In 10 minutes, a drone delivers 50 vaccination vials to PHC

The entire mission covered a distance of 14 km in 20 mins.

Picture: Pixabay

Last Updated on November 16, 2021 by The Health Master

BENGALURU: An indigenous drone developed by National Aerospace Laboratories (NAL), a lab of the Council of Scientific and Industrial Research (CSIR), was used to deliver the C-19 vaccine from one primary health centre (PHC) to another in Bengaluru on Saturday.

The drone delivered 50 vials of the C-19 vaccine along with syringes in a special container from Chandapura PHC to Haragadde PHC. 

CSIRNAL’s octocopter, an unmanned aerial vehicle, had a vaccine carrier weighing 5kg and took off from Chandapura PHC at 9.43am.

It arrived at Haragadde PHC at 9.53am. It was flown at an altitude of 300m above ground level at a speed of 10mps (metres per second) and covered an aerial distance of about 7km in 10 minutes.

After the delivery of vaccines at Haragadde, the octocopter returned to Chandapura PHC. The entire mission covered a distance of 14 km in 20 mins.

The ministry of civil aviation had granted conditional permission to CSIR-NAL to conduct Beyond Visual Line of Sight (BVLOS) flight trials. “NAL’s octocopter can carry a payload of 15 kg with a hovering endurance of 40 minutes.

It can fly at an operational altitude of 500m above ground level and at maximum flying speed of 36kmph,” said a release from the lab. The drone is made of lightweight carbon fibre with foldable structure.

PV Satyanarayana Murthy, head of UAV, CSIR-NAL, said using the octocopter for delivery was much-needed in the country for deeper vaccine penetration in remote areas. “The UAV was actually designed for agricultural purposes.

It can carry a payload of 20kg. Looking at the pandemic situation, we wanted to see if we could use it for vaccine delivery.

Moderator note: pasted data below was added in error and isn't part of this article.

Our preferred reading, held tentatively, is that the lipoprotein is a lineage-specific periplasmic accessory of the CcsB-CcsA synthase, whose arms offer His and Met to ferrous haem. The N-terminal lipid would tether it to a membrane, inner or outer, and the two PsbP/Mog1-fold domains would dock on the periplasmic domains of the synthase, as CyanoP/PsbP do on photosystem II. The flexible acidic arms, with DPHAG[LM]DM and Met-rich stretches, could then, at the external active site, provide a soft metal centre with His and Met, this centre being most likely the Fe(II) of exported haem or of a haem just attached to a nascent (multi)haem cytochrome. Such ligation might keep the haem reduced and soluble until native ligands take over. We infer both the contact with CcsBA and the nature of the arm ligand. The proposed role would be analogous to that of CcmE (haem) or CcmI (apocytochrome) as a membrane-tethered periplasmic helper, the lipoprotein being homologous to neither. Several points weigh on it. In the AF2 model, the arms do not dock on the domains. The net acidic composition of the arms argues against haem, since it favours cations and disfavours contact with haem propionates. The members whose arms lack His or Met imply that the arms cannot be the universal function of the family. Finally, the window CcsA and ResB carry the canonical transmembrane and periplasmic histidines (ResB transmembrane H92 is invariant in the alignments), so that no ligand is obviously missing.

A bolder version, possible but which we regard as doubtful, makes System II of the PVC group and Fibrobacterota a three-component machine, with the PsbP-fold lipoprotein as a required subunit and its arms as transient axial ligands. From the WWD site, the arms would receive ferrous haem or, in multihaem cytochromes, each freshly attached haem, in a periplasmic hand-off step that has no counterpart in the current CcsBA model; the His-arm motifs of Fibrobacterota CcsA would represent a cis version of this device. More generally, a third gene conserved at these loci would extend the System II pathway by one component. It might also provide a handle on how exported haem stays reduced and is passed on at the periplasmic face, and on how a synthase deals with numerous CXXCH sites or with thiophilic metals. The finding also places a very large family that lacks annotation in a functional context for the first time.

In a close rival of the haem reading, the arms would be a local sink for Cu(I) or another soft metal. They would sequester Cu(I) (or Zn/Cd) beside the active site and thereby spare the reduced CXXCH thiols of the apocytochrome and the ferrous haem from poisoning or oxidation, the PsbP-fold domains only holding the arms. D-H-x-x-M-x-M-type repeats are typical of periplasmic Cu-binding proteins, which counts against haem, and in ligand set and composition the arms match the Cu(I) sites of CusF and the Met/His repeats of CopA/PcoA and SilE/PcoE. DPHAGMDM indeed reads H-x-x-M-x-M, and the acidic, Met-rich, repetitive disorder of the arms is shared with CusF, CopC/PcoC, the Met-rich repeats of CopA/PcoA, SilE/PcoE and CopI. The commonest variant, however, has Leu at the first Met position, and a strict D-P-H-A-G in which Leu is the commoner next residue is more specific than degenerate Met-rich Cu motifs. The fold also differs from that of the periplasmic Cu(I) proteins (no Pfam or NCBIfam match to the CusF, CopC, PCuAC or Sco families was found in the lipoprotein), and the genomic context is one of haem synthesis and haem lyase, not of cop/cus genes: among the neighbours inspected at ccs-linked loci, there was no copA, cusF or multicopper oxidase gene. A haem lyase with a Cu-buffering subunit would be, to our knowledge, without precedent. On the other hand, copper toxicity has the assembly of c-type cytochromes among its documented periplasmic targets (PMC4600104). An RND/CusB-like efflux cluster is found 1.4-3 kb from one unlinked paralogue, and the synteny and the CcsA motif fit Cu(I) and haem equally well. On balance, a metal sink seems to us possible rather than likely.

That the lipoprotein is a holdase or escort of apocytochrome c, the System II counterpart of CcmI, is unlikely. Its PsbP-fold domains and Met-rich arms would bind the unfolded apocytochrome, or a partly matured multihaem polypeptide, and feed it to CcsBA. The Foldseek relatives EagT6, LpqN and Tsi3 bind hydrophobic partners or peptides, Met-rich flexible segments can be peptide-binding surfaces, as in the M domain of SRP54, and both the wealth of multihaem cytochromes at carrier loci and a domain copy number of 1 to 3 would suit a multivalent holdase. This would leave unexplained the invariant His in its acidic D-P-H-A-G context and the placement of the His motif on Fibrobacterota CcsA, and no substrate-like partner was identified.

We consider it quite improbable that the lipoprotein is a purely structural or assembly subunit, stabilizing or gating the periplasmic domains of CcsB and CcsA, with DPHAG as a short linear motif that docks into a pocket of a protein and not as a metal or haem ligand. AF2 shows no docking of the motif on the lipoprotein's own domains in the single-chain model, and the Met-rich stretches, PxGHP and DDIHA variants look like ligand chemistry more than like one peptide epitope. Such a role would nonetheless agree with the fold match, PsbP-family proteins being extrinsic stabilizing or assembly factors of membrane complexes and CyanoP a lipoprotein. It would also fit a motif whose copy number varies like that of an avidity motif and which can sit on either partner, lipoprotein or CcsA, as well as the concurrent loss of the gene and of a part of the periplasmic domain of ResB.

We have used a UAV to deliver vaccines for the first time,” he said. He added drone delivery of vaccines can be scaled up in other places if states approach NAL.

“The NAL octocopter is perfectly designed for such a mission and is easy to operate. NAL has already tied up with private firms for drone manufacture and is offering operational services,” said the release.

‘May be more useful in the hills’

Srinivas SG, district health officer, Bengaluru Urban, said drone delivery of vaccines saves time and human resources.

“To deliver the vaccine carrier by road, it would have taken a minimum of 30-45 minutes, depending on traffic. The device may be more useful in the hilly areas of Kodagu and Uttara Kannada districts,” he said.

The NAL octocopter can be used for a variety of BVLOS applications for last-mile delivery of medicines, vaccines, food, postal packets and human organs.

It can also be used for spraying pesticide, monitoring crops, and for mining survey and magnetic geo-survey mapping, the release said.

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